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From the Publisher"[A] fine book, one that is certain to provide new avenues of exploration in performance studies generally and in their particular application to the force that is Shakespeare." Regina M. Buccola, Roosevelt University, Sixteenth Century Journal
"...an exceptionally graceful illustration of how a theoretical engagement with new media and old can be accomplished, treating them not as discrete phenomena but as aspects of a shared historical situation. [T]he special contribution of this book is its demonstration that film,, hypertext, and touristic stage production are not linked together because they all do Shakespeare but because they are themselves linked in a historical process that, in this global age, has become more obvious yet also more complex than ever." John Osburn, The Cooper Union for the Advancement of Science and Art, Theatre Journal
"The most important book in performance criticism this year." Studies in English Literature
"Shakespeare and the Force of Modern Performance makes a crucial intervention in the rapidly evolving and inter-related fields of Shakespeare on stage, page, and screen (filmic and computer). What is most astounding about this monograph is the dexterity and sophistication with which it brings into a dialogue performance theory and textual theory, disciplines that in the past have too often, regrettably, shared little more than a nodding acquaintance. This is a major piece of scholarship that will shape for some time to come our critical engagement with Shakespearean performance." Shakespeare Studies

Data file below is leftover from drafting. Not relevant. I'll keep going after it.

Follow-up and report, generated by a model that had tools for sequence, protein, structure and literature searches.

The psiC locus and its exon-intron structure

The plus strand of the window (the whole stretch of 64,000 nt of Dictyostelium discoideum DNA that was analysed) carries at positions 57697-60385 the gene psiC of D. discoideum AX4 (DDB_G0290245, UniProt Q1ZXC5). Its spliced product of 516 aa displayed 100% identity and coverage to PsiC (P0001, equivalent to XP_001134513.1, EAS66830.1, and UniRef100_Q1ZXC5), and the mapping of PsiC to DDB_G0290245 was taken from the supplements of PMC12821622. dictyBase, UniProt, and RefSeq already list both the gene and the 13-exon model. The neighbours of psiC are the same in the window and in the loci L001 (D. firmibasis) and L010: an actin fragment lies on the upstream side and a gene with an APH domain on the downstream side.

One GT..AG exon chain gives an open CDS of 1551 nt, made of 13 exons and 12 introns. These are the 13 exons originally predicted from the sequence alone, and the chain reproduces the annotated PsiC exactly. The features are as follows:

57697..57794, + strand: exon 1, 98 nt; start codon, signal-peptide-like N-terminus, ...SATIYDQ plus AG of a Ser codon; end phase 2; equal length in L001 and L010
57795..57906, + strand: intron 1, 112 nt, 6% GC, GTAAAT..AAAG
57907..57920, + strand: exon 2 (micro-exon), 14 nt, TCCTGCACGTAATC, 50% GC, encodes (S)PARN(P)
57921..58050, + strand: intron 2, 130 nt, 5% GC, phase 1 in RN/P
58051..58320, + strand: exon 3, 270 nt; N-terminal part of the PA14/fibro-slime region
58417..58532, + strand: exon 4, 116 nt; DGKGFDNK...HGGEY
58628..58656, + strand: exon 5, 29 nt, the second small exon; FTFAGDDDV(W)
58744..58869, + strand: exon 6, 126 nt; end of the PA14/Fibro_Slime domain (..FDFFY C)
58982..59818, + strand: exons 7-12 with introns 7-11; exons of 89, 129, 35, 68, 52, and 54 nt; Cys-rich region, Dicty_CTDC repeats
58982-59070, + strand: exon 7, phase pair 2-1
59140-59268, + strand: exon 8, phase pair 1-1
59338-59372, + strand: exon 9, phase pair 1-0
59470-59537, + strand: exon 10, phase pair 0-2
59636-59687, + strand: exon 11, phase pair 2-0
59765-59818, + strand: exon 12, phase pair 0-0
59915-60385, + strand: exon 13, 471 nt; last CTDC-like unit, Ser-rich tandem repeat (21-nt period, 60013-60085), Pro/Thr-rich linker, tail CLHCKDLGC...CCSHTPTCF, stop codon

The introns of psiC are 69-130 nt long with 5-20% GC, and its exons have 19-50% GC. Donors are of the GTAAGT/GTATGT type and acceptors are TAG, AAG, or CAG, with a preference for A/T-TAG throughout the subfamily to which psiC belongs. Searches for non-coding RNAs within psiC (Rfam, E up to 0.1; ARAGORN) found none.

"This is the most significant contribution to the combined fields of Shakespeare and performance studies since Worthen's own Shakespeare and the Authority of Performance."
Medieval and Renaissance Drama in England
"One of the many strengths of Worthen's book is its remarkable breadth. While the announced topic is Shakespeare in performance, the book ranges all over the world of theatre...The range of reference in performance theory is no less impressive. All this makes for a very readable book, thoughtful, challenging, entertaining. This book is quite a performance." Text and Presentation David Bevington, University of Chicago